How to Negotiate With Lawyers and Doctors
Consumers have considerable bargaining power when shopping for lawyers and doctors. The critical issues are the complexity of the legal matter and the heath of the consumer.
Most everyday legal transactions-wills, real estate closings, contracts, traffic tickets, bankruptcies, probating of estates, uncontested divorces, incorporations-are (from the lawyer’s perspective) simple. Almost any competent general practitioner can handle these matters. In fact, such work is so routine that many lawyers flat-rate it, charging, for example $500 for a standard real estate settlement or a will. Comparison-shop a few layers (the initial consultation should be free) and buy strictly on price. Further concessions may be won with the suggestion of an ongoing relationship. The lawyer knows that a startup business or a new family may provide a growing, increasingly profitable stream of future legal work.
For legal issues of moderate difficulty-child custody, contested divorces, drunk driving and other criminal cases, personal injury matters, and commercial cases-use this two-step process:
First, call and visit a number of lawyers and do a “rough cut” on the basis of competency, rapport, and price. For this initial step, keep in mind that bigger firms, downtown firms, and firms with fancy offices charge the most and negotiate the least.
Second, sit down with one or two finalists and talk with them. Negotiate subtly. Present the lawyer with a problem: “I want you, you’re the greatest, you’re worth every penny you charge and more. But I’m just a poor individual with a family to feed. Will you help me get justice?” Always ask the lawyer to take the case “on contingency.” If she will, there won’t be a charge until the case is won. Expect to give the lawyer a third or more of the proceeds in this case. Accident cases are customarily handled this way, and contingent-fee arrangements are not unheard-of in other others. They are not permitted in criminal cases, however, if a case is unique or newsworthy, there will be some extra leverage. Also, be aware that lawyers can’t help reckoning the affluence of their clients, and may, consciously or unconsciously, reflect that assessment in their billings. So dress modestly.
If the case is a serious one, or there’s a great deal of money at stake, or the issue is very sophisticated (a complex trust, securities, estate, or tax matter, or an intellectual-property question) this isn’t the time to economize. Get a specialist, the very best that can be found. A real star has the tremendous advantage of being known and respected by the key players in the system. And an expert will have a far shorter learning curve than a generalist, so they won’t have to get up to speed on the matter.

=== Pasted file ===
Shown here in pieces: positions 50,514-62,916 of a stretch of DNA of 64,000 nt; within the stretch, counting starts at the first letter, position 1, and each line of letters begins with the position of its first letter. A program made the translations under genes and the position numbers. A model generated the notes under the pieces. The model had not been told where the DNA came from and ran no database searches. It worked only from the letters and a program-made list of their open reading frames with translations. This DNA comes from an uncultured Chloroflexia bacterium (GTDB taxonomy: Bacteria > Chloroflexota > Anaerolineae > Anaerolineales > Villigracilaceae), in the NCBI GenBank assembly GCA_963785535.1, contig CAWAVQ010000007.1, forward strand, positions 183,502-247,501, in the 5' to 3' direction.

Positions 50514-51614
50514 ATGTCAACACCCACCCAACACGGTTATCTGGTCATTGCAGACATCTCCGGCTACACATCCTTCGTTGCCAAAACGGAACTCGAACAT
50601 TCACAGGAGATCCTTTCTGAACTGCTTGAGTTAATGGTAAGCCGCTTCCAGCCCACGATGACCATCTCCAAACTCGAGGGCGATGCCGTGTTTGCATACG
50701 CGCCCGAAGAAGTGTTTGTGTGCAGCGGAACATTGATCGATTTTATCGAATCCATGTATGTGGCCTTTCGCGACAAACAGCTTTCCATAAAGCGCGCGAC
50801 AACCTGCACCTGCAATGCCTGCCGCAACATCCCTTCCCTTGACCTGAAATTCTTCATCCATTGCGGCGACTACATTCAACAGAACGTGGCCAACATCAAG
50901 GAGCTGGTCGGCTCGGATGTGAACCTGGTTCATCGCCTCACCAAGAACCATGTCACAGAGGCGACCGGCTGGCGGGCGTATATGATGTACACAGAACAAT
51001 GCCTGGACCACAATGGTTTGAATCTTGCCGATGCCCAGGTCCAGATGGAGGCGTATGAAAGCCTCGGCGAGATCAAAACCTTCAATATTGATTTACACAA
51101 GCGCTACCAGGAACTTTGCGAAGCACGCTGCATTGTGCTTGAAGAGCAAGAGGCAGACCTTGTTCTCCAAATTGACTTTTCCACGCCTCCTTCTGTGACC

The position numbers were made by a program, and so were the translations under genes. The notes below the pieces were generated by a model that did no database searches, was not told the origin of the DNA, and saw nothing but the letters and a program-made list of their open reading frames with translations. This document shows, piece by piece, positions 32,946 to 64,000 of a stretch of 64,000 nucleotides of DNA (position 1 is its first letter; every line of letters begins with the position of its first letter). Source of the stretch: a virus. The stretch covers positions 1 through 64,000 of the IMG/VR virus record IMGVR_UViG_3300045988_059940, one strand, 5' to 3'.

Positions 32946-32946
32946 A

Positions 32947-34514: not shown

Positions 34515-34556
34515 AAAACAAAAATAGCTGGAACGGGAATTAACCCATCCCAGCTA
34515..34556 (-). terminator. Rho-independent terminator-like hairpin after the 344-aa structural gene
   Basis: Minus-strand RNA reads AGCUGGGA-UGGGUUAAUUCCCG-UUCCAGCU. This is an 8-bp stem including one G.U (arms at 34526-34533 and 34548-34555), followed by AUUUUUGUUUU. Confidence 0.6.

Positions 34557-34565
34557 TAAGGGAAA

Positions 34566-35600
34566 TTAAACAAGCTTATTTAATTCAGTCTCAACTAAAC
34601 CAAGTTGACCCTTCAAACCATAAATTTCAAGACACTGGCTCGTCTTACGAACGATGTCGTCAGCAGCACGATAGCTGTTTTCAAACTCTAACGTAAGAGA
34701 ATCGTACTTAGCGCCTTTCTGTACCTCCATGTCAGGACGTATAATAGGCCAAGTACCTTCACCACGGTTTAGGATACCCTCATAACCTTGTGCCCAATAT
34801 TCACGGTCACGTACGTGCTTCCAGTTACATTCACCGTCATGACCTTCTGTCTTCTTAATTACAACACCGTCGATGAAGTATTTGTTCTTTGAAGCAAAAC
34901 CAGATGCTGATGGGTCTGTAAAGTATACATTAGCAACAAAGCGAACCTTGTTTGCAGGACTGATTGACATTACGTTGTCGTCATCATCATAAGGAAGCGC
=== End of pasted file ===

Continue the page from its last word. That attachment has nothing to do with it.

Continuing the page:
Always keep the lawyer on a short leash. For anything more than a small, fixed-fee matter, agree on a detailed budget at the outset. Insist on itemized, monthly billing thereafter. Regularly compare budgeted numbers to actuals. Require weekly or semiweekly telephone status reports. Make it clear that costs are being closely monitored. Close (but not offensive) oversight will help prevent misunderstandings and keep legal expenses down.
How to Negotiate With Doctors
Medical and dental fees are more negotiable than ever. Nevertheless, doctors are easily affronted by direct haggling; grace and decorum are essential.
If the procedure is covered by medical insurance, negotiating is relatively straightforward. Ask the insurance company how much it will pay for the procedure. If it’s less than the doctor is charging, tell him. Doctors are often willing to reduce their fee to the amount the patient’s insurer will cover.
If the procedure isn’t covered by insurance, some shopping and then some haggling are in order. Get at least three opinions. Shop not just for price, but also experience, disposition, and therapeutic strategy. Negotiate-diplomatically-with the top one or two candidates. Remember that like lawyers, doctors inevitably take the measure of their patients and adjust their charges accordingly. Remember that likable patients tend to be charged less than difficult ones, and for future reference, long-standing patients pay less than new ones. Always negotiate directly with the doctor, not the no-authority receptionist/office manager. Even if the fee can’t be lowered, extended-payment arrangements can sometimes be worked out. Some doctors will even barter medical work in exchange for goods or services.